For Immediate Release
Contact: Danielle House, Senior External Communications Specialist
CNA Assessment Finds U.S. Effort to Defeat Al-Qaeda Has Failed
Expansion includes five active affiliates in over ten Muslim-majority countries
Arlington, Va. — With national attention on the security posture and ongoing presence of U.S. troops in Africa, a new CNA assessment shows that Al-Qaeda has been able to exploit security vulnerabilities to continue to operate despite two decades of efforts to defeat it. In the assessment directed by Congress, CNA analysts Jonathan Schroden and Julia McQuaid said that although Al Qaeda has suffered setbacks over the past 16 years it has not been defeated, and recommend a new review of U.S. policy goals and overarching strategy against Al-Qaeda. “The U.S. has increasingly poured resources into the problem of trying to disrupt, dismantle and defeat Al-Qaeda, yet we find that the organization has grown significantly over the last 16 years,” said Jonathan Schroden, Director of the Center for Stability and Development at CNA.
CNA’s President and CEO, Katherine McGrady, agrees. “For all of the government’s success in disrupting Al-Qaeda as a terrorist threat, our independent assessment concludes that the United States is no closer to defeating the group. U.S. leaders need to rethink our counterterrorism policy with a long-term view.”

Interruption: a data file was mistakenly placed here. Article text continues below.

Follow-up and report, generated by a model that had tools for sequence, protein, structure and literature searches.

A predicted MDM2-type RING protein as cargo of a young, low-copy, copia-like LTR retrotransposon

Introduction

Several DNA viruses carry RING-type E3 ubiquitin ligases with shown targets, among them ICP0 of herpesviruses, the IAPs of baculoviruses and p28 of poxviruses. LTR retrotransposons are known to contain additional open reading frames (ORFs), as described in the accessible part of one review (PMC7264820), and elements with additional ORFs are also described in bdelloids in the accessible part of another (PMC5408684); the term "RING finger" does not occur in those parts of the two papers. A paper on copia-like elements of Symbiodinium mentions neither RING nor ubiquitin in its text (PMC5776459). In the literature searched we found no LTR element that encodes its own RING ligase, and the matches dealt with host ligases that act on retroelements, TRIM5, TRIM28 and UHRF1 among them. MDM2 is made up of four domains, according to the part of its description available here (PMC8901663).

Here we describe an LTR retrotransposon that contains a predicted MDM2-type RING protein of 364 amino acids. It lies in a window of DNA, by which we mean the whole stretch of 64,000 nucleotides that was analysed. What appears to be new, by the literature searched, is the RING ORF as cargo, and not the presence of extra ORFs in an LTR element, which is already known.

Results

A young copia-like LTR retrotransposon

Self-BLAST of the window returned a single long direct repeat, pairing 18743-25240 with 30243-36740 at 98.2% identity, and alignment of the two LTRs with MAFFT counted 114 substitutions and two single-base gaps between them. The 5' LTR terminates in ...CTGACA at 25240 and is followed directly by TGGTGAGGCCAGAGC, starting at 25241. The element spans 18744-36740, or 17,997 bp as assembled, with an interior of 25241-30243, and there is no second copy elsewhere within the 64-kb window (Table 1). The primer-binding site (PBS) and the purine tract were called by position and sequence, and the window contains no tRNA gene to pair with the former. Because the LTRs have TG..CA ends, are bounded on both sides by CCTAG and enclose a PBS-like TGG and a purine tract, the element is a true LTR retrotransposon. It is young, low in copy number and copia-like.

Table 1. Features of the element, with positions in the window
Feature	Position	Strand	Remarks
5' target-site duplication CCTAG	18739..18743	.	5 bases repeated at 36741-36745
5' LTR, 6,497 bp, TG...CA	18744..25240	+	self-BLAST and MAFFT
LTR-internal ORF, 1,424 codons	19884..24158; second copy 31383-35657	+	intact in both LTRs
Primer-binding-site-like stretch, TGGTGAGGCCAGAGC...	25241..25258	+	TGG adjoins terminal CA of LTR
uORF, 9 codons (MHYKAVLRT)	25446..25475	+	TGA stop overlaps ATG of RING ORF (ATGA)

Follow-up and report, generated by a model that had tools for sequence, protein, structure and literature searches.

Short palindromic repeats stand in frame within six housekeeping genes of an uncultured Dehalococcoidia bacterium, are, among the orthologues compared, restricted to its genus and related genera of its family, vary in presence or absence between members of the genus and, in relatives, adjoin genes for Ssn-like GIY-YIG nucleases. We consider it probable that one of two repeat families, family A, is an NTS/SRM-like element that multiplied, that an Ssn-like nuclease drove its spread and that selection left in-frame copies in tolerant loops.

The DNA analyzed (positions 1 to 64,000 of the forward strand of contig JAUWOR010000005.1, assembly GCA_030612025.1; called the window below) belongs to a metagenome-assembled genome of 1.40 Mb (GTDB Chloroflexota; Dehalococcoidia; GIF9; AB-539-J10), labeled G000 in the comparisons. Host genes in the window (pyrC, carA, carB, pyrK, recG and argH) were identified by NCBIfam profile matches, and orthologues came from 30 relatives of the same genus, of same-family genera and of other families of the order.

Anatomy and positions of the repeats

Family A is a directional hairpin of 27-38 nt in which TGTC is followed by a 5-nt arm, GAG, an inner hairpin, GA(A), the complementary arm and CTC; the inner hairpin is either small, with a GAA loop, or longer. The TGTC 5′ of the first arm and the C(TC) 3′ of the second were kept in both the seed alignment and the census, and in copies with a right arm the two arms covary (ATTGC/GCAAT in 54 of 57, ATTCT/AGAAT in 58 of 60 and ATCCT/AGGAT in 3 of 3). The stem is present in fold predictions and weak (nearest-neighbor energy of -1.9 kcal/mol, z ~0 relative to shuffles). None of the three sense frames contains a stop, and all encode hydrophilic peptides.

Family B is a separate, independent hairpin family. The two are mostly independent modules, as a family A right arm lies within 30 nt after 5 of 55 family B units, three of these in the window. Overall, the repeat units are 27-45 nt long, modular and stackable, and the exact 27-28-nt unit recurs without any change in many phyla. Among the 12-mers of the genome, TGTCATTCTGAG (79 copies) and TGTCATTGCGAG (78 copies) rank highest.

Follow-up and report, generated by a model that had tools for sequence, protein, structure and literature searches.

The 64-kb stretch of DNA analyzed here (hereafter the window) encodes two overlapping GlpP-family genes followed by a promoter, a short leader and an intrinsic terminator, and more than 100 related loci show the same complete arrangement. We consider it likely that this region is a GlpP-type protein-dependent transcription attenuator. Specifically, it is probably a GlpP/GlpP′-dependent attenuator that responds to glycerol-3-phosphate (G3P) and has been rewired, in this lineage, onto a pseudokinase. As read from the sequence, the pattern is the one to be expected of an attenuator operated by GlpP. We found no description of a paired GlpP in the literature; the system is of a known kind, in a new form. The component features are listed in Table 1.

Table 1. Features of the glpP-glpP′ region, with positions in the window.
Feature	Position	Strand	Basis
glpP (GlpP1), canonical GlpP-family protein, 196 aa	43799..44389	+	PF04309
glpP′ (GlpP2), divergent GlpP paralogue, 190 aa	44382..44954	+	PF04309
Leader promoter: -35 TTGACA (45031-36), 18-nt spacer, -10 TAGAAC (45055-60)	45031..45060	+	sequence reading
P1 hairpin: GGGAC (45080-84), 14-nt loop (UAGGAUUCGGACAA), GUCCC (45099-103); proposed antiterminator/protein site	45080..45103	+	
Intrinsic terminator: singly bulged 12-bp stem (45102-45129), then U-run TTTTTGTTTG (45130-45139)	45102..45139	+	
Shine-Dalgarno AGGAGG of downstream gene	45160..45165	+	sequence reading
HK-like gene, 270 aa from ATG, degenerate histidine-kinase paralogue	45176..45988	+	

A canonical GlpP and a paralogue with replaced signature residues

The assessment encompasses the breadth of the problem across decades and continents. In 2001, Al-Qaeda was made up of a core of jihadists concentrated in Afghanistan. Today, the network spans from West Africa to Bangladesh and has five active Al-Qaeda affiliates. Together, these groups are active in over 10 Muslim-majority countries.
Although the U.S. has been able to disrupt the organization, Al-Qaeda was able to exploit vulnerabilities in the security environments of weak and failing countries like Libya, Syria, and Yemen to continue to grow and evolve. A country-by-country analysis of security vulnerabilities and the growth of Al-Qaeda affiliates found that the organization made its largest gains when and where there were sharp and rapid deteriorations, such as when Yemen and Syria descended into civil war.
The battle against Al-Qaeda has endured for nearly a generation. The assessment suggests that lessons from both the successes and the failures of the past 16 years should be used to inform a revised policy with a long-term perspective, one that is more likely to lead to the ultimate defeat of Al-Qaeda. “Our estimation is that this effort will go on for at least another generation,” says Schroden. “So it’s time for the U.S. government to take stock of where we are in this fight.”
CNA is a nonprofit research and analysis organization dedicated to developing actionable solutions to complex problems of national importance. With more than 600 scientists, analysts and support staff, CNA takes a real-world approach to gathering data with its one-of-a-kind field program that places analysts on battleships and military bases, in squad rooms and classrooms, and working side-by-side with a wide array of government decisions-makers around the world. In addition to defense-related matters for the U.S. Navy and Marine Corps, CNA’s research portfolio includes policing, homeland security, climate change, water resources, education and air traffic management. www.cna.org
Note to writers and editors: CNA is not an acronym and is correctly referenced as "CNA, a research organization in Arlington, VA."